Chamber Music

All chamber music titles are available from G. Schirmer.

Aristotle (2013)

I’d been an ardent fan of Thomas Hampson’s singing when, a thousand years ago, I reviewed his Kennedy Center recital debut for The Washington Post: so I was thrilled—thrilled—when Peggy told me that Music Accord wanted to commission a piece for him and the excellent Jupiter String Quartet, and that Tom had suggested me.  The piece that resulted, Aristotle, was given its premiere in May 2013 at the Mondavi Center in California before traveling to Alice Tully Hall in New York and Jordan Hall in Boston and Nathan Gunn subsequently performed it with the Jupiters during his residency in Champaign Urbana.

August Music (2009)

This brief (12 minutes) concertino for two flutes and string quartet was commissioned and introduced by the Constella Festival, Cincinnati’s new-music extravaganza, on September 30, 2012; Nina Perlove and Randy Bowman were the elegant duet soloists. It was so graciously received that I subsequently arranged a version for two flutes and string orchestra: available here.

Avow (1999; revised 2010)

…is a short opera in one 12-minute scene, really, but it’s done as often in a recital setting with piano as in its original chamber-orchestra guise. Jonathan Sheffer’s Eos Orchestra commissioned in 1999; something of a sequel to Barber and Menotti’s A Hand of Bridge, Avow imagines a conflicted bride, her avid mother, the haunted groom, the ghost of his father, and a celebrant who really should make better efforts to remember which ceremony he’s performing.

Excerpt by kind permission of Eos Orchestra.

Here (2012)

“HERE” began life as a piece for SATB chorus and piano, but—only because there was something so bravura, so glamourous about it, that suggested an individual, rather than a group—I was never quite convinced that it wasn’t a solo piece. Then Opera America asked for a contribution to their songbook celebrating the opening of the National Opera Center: apparently life is full of second chances. The rest, if not history, is a setting for baritone and piano: Jesse Blumberg and Djordje Nesic sang, and played, the first recording.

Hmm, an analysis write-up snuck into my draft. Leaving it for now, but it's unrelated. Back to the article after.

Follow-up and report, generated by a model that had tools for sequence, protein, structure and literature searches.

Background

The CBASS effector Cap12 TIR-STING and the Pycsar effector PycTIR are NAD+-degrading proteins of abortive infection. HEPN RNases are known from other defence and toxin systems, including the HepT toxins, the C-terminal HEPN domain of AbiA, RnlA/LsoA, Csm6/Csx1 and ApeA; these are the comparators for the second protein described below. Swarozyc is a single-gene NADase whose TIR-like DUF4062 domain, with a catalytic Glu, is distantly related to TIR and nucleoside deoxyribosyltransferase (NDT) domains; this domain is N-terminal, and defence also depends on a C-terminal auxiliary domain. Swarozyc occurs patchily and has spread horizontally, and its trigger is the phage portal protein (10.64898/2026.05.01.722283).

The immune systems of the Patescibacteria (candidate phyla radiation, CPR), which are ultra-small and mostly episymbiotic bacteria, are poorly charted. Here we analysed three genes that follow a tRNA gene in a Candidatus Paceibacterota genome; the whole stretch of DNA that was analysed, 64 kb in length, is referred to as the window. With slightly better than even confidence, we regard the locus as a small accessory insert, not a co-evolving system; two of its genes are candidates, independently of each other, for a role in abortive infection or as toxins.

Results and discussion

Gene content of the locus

Excerpt by kind permission of Opera America.

Available from G. Schirmer

Phone Call and Improvisation (2017)

A pastiche nestled inside a portrait, this miniature for piano imagines Leonard Bernstein interrupting an antic and digressive conversation with a friend to play through the first draft of an imagined birthday piece for his colleague Jennie Tourel, the mezzo-soprano who introduced his song cycles “I Hate Music!” and “La Bonne Cuisine.” Phone Call and Improvisation is dedicated, with affection and gratitude, to Lara Downes, who commissioned the piece and introduced it at CUNY’s Bernstein Marathon at Elebash Hall on December 2nd, 2017.

Audio excerpt courtesy of G. Schirmer.

Available from G. Schirmer

The Racer’s Widow (2009)

…is a set of five songs for voice, piano and cello, that consider jumper cables, sex, carbohydrates, love, loss, and remembrance; the poets are Linda Pastan, Tennessee Williams, Marge Piercy, Louise Gluck, and Sara Teasdale. The sovereign mezzo-soprano Sasha Cooke, who introduced my Mary Magdalene to San Francisco, sang the premiere with cellist Jay Campbell and pianist Steven Blier, whose New York Festival of Song introduced the cycle to New York in February 2013: we were all so energized by the experience that we recorded the cycle the next weekend.

Excerpt by kind permission of the artists.

Regina Coeli (2007)

An arrangement of the central slow movement of Four Angels, for harp and string quintet.

This Much Is New (2012)

The opera librettist (and dear friend) Mark Campbell and I were at the New York Festival of Song concert when our treasured colleague Steven Blier announced his engagement to James Russell; what could we do but write a song? Matthew Boehler sang the bass-clef premiere, but—because what’s an octave between friends?—a version for mezzo-soprano is available as well.

Available from G. Schirmer: